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at the risk of sounding very thick, what is the point of having a text editor when you have a comprehensive command line?
How does the next line command work in vi or does it not exist?
Vi is not installed anymore on any modern Linux, vi improved (vim) is now installed by default. Take a look at your package manager, vi is probably not on the list. But for the old geeks, you can still use vi in commands as vim is backwards compatible.
To start a new line, put cursor on the line above where you want to add a new line in the file, hit the "o" key, this will put you in insert mode on a new line.
If you have a full version of vim installed, you can type: vim tutor in a terminal to take a half hour course on using vim. These are the man pages for vim which does the same only more comprehensive and not so easy to understand for a vi newbie compared to the tutor. These are stock quotes for man vim.
Whenever I do anything that is big (eg long command line(s) etc) or that I might want to look back on (eg email replies) I put it in a file first using emacs (or vim). I find this the most robust way to look back at what I actually said when things don't work as I expect. And I used to be quite proficient at the [korn then bash] shells, but still find that there are typos and other mistakes I have trouble seeing. Rather than sit there fighting the computer, I sometimes set the troublesome code aside for a few hours (or days).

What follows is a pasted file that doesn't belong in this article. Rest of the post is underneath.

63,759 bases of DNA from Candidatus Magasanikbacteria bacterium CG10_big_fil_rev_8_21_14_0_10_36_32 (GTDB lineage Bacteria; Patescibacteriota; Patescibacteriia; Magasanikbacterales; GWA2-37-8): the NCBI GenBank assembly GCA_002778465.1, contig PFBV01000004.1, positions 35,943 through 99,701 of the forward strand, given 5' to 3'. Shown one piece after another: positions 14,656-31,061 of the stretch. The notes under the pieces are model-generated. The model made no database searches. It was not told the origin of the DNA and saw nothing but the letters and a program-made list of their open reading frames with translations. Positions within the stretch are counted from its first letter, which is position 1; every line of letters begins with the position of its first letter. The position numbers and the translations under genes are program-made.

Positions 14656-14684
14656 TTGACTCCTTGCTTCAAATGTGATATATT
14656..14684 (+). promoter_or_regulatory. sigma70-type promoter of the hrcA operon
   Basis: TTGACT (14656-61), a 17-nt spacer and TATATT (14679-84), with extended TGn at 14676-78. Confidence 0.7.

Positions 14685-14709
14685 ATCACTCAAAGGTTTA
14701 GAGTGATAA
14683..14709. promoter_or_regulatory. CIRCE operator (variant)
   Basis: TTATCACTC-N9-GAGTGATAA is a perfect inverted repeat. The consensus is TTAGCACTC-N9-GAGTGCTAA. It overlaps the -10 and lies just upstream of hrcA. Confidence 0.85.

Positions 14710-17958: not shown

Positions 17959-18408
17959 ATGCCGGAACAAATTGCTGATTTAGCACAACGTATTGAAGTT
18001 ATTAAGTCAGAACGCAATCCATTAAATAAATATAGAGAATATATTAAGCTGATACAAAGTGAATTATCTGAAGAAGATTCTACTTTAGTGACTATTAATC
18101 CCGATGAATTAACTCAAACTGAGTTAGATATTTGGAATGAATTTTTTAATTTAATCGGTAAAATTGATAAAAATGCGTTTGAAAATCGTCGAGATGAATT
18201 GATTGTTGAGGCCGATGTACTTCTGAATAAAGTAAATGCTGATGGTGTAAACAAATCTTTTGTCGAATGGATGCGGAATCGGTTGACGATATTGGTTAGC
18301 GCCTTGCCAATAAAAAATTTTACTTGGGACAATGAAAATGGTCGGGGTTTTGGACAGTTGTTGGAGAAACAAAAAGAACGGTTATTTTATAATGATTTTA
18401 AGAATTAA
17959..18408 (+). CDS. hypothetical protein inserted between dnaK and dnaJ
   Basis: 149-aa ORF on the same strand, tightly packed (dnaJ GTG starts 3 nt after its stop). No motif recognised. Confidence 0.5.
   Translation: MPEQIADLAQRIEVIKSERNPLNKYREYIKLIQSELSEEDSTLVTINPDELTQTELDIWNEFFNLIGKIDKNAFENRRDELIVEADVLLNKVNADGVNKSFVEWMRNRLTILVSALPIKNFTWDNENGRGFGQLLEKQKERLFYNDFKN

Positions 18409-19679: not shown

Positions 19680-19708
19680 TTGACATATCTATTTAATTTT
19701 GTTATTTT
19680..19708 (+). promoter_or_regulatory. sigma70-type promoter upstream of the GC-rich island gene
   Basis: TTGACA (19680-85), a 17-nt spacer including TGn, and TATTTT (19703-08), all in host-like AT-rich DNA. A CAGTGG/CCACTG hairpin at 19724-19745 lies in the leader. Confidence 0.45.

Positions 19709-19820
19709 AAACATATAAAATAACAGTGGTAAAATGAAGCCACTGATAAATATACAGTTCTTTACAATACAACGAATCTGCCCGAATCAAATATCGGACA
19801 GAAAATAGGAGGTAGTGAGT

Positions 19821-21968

Because I live in Emacs most of the time, I've never bothered learning command history, all the cool things you can do with (!) history substitution, etc. I just don't need them much.
Thanks for your reply, it has saved me a lot of time and motion.
If I can appeal to your good nature further; why does a text editor operate differently to a word processor, when a text editor is, presumably, meant to be a simplification.
A text editor does not use the same functions as a full word processor because of the manner in which it is saved. A text editor does not allow you to change font styles, insert pictures, etc. It is processed as ASCII language with no characters such as -> return or ...carriage space, etc. It is only text. That is why it is used for running commands and for programming, the interpretor or compiler cannot read all of the formatting characters used in a word processing programs, it is only text.